Tai Chi Class

Welcome to WholenessInMotion. Tai chi is a whole body and mind exercise that combines meditation, martial art and health tonic in one. This particular form is the Yang style, 37 posture short form as taught by Prof. Cheng Man-ch'ing. This fascinating and intricate exercise has many benefits and just about anyone can practice it.

Take a look at this site and consider the study of relaxation and how it can benefit you in your daily life. I look forward to working with you. Tom Daly


 

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Tai Chi Chuan and Listening

Posted By Tom Daly on February 25th, 2016

Tai Chi Chuan and Listening

I’m always amazed at how poor most folk’s listening skills are.  I’ve done a lot of work on my own listening skills.  I’d say I have moved from D+ to maybe a B-. A few F’s here and there.

But even worse than listening to others, we rarely listen to ourselves.  By that I mean, what we say, what it means, how others hear it – this never registers. Often, we are clueless.

When we speak, there are two of us present, not just one.

And one would hope that tai chi might have some influence on this because so much of it has to do with awareness.  We begin with ourselves, we then work with others.  Yet how rare it is to see any of this spill into everyday life.

Let me give you an example of poor vs. good listening in life.

Poor:

T: I’m going to India.

B: wow, I know lots of people who have gone to India and hated it, though some have loved it. I think people get sick over there so you should be careful. The Taj Mahal is really worth seeing, my aunt was stunned by it, but she doesn’t want to go back to India, too many poor people, too sad.

(We’ve all been there!)

Good:

T: I’m going to India.

B: Where? (pause.)

What brings you to India? (pause.)

Do you have your reservation yet? (pause.)

When are you going? (pause.)

The point being, good listening engages the speaker to express themselves, poor listening takes control of the conversation.

In the poor example, B doesn’t even hear himself.  He just rattles on, oblivious to the statement T just made. (Because what T really said was: I’m going to India, do you find this of interest?) In certain situations, if you tell B what he just said, he may be surprised, deny it, or get angry. Or just not care.

The inability to hear yourself comes to mind in an example in Stephen Sondheim’s Passion.  Fosca (sad, sickly) is walking with a soldier she later comes to love.  He is rattling on about love in very idealistic and noble terms. He doesn’t see her need, her challenge in terms of intimacy, the improbability of attaining this ethereal concept in her sickly and somewhat morbid state.  She then lets him have it big time, pouring out her reaction to his self indulgent puffy nonsense. Let me paraphrase: “How dare you talk to me of such nonsense when it should be clear to both of us that this will never happen for me. Why taunt me with such a concept?” He wasn’t listening to what he was saying. Or who he was saying it to. Clueless.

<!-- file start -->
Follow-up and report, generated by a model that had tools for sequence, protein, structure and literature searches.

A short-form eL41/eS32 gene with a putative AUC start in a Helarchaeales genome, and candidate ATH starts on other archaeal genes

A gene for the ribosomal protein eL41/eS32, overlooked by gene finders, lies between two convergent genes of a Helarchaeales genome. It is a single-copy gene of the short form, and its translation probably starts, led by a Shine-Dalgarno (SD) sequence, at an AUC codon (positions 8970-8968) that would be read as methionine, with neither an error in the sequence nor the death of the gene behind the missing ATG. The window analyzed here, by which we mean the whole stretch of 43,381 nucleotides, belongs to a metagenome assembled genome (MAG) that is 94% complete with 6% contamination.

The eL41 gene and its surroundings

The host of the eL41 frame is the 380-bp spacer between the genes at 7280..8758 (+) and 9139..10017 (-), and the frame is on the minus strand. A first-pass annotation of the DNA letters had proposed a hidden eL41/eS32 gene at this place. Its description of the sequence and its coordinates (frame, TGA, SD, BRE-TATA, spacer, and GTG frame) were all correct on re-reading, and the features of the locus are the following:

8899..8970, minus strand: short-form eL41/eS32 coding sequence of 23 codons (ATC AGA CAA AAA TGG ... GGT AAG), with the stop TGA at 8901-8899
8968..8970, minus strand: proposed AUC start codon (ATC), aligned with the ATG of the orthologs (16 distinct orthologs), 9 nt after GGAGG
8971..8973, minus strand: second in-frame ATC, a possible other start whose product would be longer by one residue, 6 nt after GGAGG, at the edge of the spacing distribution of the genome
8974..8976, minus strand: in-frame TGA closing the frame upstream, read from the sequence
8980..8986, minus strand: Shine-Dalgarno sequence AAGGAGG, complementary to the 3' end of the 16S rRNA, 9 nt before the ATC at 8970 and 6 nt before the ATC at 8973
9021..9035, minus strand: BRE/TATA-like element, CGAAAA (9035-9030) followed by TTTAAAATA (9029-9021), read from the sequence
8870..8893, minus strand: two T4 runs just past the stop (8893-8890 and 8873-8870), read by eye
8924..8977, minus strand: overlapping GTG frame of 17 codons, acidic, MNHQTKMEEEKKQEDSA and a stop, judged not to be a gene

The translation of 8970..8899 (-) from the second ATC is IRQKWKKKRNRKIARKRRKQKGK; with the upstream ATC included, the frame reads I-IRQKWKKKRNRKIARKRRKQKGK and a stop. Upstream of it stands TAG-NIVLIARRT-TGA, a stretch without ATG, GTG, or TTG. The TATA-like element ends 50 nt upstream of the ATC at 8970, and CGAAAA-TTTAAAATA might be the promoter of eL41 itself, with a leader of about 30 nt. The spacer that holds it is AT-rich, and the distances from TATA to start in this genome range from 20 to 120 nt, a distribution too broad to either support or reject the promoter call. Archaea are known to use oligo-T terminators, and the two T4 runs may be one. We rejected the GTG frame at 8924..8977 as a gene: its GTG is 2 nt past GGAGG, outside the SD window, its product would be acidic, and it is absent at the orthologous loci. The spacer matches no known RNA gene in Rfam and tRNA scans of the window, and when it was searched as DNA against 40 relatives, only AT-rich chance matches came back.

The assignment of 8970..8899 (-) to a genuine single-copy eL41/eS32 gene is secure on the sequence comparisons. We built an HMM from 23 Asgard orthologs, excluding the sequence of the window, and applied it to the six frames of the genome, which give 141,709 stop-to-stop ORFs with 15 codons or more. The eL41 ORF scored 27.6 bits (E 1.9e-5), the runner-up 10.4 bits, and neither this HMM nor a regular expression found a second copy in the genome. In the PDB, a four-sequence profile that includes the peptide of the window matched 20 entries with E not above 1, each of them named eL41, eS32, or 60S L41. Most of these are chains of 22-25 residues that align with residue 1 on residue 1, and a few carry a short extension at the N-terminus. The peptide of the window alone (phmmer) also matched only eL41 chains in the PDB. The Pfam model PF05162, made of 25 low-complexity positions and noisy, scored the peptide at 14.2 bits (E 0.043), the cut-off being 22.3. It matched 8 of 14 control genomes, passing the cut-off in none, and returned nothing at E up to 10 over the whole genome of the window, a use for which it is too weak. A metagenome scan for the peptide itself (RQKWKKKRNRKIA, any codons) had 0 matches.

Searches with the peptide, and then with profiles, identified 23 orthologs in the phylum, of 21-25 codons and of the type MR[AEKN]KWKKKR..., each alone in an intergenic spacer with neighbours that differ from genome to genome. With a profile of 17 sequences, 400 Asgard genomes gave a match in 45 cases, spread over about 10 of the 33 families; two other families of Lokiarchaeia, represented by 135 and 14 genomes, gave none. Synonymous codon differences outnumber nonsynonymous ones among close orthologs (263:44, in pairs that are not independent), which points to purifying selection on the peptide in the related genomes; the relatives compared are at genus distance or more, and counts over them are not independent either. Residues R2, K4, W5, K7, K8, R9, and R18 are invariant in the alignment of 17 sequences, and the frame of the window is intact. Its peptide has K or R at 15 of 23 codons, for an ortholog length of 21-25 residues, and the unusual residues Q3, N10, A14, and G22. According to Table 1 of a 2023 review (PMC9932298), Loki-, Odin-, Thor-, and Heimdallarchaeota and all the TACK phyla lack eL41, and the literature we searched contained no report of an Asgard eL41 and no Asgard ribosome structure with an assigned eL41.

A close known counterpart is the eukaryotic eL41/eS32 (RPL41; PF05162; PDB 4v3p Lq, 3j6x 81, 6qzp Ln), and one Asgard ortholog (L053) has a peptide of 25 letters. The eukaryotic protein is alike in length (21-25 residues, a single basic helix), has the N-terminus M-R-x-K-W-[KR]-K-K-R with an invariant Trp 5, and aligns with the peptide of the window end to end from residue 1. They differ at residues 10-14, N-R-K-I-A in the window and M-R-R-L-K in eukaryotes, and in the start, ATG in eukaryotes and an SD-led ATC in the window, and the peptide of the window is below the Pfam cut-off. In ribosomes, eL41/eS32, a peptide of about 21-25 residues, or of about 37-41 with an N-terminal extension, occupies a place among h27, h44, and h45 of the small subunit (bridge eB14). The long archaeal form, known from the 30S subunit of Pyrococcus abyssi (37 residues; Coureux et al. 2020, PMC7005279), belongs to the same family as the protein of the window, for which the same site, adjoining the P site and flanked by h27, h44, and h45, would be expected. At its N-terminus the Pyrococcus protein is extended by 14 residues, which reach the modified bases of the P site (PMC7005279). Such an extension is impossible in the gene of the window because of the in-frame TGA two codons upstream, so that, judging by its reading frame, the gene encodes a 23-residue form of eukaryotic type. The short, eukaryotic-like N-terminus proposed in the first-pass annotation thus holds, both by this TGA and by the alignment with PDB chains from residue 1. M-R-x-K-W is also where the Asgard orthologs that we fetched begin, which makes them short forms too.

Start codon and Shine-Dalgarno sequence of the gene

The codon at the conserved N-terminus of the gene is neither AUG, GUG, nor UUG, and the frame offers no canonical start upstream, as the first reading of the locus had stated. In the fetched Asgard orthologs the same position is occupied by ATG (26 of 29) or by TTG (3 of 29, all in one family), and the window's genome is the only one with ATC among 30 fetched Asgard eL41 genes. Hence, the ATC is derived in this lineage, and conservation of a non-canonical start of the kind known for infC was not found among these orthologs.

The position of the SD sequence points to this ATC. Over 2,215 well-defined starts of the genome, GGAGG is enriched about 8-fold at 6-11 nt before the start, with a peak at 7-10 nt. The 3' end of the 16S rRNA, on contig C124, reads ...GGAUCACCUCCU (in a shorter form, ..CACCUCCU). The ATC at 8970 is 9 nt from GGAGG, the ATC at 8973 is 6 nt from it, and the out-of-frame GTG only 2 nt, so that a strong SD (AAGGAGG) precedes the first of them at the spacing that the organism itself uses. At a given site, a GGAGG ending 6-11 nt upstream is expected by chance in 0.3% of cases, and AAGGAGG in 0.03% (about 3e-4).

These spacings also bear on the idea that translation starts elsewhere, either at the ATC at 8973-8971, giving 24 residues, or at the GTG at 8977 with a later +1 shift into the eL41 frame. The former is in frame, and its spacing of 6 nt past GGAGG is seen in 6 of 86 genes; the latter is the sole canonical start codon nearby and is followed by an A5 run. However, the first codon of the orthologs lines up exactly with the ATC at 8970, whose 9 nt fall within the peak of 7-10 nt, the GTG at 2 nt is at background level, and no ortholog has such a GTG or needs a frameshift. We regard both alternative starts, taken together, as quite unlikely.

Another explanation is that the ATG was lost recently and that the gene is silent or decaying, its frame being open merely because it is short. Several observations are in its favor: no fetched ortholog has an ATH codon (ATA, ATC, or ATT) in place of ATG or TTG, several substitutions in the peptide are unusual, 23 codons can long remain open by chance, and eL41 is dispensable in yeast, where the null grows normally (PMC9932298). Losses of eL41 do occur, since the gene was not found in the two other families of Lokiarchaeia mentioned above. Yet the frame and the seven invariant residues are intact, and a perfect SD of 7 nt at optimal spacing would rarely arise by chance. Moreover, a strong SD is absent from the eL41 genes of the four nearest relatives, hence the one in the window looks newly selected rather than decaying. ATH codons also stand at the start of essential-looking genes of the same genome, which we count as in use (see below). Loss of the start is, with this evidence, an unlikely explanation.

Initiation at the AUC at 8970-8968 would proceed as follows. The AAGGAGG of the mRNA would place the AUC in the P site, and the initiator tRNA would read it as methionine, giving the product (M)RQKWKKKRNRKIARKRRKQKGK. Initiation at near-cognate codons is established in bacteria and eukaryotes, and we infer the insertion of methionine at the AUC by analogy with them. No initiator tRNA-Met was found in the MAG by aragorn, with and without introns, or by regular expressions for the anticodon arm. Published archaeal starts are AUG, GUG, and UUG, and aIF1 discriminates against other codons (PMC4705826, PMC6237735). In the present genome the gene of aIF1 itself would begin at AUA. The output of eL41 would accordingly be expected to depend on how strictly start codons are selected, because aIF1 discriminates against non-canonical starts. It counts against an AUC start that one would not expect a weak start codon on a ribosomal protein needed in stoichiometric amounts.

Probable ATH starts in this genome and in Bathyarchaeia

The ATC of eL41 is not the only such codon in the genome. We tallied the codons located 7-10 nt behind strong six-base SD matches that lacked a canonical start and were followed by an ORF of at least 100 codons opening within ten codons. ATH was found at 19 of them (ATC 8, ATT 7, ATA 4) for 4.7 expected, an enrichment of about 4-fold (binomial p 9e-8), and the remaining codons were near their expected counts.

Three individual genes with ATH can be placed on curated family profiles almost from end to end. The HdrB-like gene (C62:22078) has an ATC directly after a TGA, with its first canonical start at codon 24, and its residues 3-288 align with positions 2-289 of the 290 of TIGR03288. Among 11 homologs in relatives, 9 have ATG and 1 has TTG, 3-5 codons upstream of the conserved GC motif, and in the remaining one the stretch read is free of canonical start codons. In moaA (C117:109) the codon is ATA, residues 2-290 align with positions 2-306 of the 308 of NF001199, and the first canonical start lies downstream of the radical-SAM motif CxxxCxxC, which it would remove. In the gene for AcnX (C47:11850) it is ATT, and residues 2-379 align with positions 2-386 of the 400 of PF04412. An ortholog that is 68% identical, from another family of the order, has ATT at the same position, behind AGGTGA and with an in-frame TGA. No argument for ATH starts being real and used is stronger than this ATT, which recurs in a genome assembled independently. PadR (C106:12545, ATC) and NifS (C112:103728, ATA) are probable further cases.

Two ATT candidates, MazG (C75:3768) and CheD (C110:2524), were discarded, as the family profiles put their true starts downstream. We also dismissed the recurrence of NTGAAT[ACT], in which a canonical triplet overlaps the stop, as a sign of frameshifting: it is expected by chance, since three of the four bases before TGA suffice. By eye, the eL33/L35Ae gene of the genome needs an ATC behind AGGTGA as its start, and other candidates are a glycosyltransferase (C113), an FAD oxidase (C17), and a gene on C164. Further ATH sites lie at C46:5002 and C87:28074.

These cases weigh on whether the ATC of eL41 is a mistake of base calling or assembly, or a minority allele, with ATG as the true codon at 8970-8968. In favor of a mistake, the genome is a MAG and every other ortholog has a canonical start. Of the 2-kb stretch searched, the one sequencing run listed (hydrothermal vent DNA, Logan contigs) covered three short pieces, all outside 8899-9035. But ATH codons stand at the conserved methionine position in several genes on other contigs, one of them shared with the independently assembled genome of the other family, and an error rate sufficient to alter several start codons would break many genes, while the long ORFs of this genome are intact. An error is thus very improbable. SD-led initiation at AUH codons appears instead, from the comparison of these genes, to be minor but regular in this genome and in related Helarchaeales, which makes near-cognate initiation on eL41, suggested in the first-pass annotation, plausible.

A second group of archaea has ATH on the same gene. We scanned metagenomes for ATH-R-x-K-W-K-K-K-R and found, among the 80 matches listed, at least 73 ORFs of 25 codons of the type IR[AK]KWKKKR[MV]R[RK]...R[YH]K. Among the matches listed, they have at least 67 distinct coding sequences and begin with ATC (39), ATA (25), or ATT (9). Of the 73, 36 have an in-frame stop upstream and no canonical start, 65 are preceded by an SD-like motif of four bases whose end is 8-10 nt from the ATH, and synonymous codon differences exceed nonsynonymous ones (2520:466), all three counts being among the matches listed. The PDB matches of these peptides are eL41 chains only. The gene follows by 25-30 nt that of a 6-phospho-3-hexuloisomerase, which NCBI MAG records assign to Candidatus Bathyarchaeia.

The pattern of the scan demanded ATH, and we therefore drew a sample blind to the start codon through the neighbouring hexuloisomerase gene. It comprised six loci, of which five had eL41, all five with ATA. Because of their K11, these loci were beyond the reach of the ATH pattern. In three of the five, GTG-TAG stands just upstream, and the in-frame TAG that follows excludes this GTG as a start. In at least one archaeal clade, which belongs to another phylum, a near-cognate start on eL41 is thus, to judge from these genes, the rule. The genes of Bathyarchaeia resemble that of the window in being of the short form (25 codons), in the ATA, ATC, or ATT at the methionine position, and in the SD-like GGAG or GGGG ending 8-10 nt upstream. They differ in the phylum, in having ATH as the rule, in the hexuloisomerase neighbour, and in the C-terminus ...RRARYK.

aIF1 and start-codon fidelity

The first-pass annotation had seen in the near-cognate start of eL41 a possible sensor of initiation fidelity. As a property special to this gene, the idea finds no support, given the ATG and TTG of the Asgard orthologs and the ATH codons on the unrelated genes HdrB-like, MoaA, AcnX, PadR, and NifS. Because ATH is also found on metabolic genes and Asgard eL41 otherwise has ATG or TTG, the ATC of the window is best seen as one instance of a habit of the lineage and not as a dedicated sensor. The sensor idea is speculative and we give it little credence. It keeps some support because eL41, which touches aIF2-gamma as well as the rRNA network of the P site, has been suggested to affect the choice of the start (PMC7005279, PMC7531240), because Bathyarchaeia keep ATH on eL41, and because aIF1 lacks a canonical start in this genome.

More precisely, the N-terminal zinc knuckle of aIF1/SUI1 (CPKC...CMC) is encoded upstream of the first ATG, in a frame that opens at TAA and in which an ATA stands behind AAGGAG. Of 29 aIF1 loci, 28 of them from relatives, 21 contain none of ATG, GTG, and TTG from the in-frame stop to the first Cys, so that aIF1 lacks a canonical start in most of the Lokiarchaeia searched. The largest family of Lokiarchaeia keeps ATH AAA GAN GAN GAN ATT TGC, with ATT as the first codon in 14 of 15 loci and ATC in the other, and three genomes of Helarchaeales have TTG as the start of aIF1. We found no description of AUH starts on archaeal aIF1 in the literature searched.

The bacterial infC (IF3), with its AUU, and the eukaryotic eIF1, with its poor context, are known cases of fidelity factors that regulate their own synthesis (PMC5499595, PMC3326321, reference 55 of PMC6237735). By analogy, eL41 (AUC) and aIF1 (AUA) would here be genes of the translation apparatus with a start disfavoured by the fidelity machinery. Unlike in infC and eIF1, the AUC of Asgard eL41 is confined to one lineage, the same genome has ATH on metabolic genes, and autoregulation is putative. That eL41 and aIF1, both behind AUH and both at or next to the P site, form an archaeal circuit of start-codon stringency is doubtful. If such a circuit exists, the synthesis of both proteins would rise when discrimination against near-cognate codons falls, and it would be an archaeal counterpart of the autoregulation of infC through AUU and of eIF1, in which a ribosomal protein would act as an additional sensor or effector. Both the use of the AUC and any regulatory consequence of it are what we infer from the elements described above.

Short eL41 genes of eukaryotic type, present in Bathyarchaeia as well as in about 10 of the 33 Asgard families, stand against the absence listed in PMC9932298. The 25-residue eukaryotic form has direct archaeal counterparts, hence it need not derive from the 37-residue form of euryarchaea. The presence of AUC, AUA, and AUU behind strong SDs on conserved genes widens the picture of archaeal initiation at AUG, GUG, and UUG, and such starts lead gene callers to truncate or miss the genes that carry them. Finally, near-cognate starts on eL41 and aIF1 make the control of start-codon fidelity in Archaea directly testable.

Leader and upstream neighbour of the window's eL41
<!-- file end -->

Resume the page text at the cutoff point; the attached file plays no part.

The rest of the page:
Tai chi.

It would foolish to think that tai chi would change all this, yet the kernel of change is there.  You begin by listening to your body. For most beginners, this is a foreign concept. We never see our habits, never see our inability, and never see how our movement doesn’t match what the teacher demonstrates. Most who begin tai chi quit rather quickly. It’s a slow process.

Then we work in push hands, and again, mostly your partner is viewed in terms of what I want. As in, I want to do something to this person. But the study is more about being WITH this person and you become less and less while what they are doing/wanting becomes more and more. The only way to hear this person is to be empty. A favorite teacher I know says, “There is only one mind here, and it’s YOUR (the partner’s) mind.” His mind has been put on hold and now he can better hear you.

I highly recommend books on listening. There are lots of good ones on the market.

In tai chi, I recommend being even more attentive to what you are doing in the form and what your partner is doing in push hands.  By this I mean attentive like you might observe a laboratory rat.  How does it move? What does it want? What makes it go for the heroin?  Start with investigation, not manipulation. Be curious. Don’t fix it, just see it. Give it some time to be itself and see what that is. We move on from there…

We learn more from our flaws than from anything else. Begin with here and now, not some fantasy of who you would like to be. Find a time to listen, on every level, in some period of time, to something.

Just listen. Nothing else. Allow presence of this body, air, that person, sound, a feeling, ground, silence.

 

 

 

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No Time To Think – New York Times Opinion

Posted By Tom Daly on July 27th, 2014

Being busy is fine, but the inability to be with oneself is not.  Below is not so much about tai chi, but it does promote mental down time.  Hey, Google, of all places, offers its employees mindfulness meditation.  Slowing down, as tai chi reinforces, is invaluable.  Tom

No Time to Think

By KATE MURPHY

JULY 25, 2014

New York Times

ONE of the biggest complaints in modern society is being overscheduled, overcommitted and overextended. Ask people at a social gathering how they are and the stock answer is “super busy,” “crazy busy” or “insanely busy.” Nobody is just “fine” anymore.

When people aren’t super busy at work, they are crazy busy exercising, entertaining or taking their kids to Chinese lessons. Or maybe they are insanely busy playing fantasy football, tracing their genealogy or churning their own butter.

And if there is ever a still moment for reflective thought — say, while waiting in line at the grocery store or sitting in traffic — out comes the mobile device. So it’s worth noting a study published last month in the journal Science, which shows how far people will go to avoid introspection.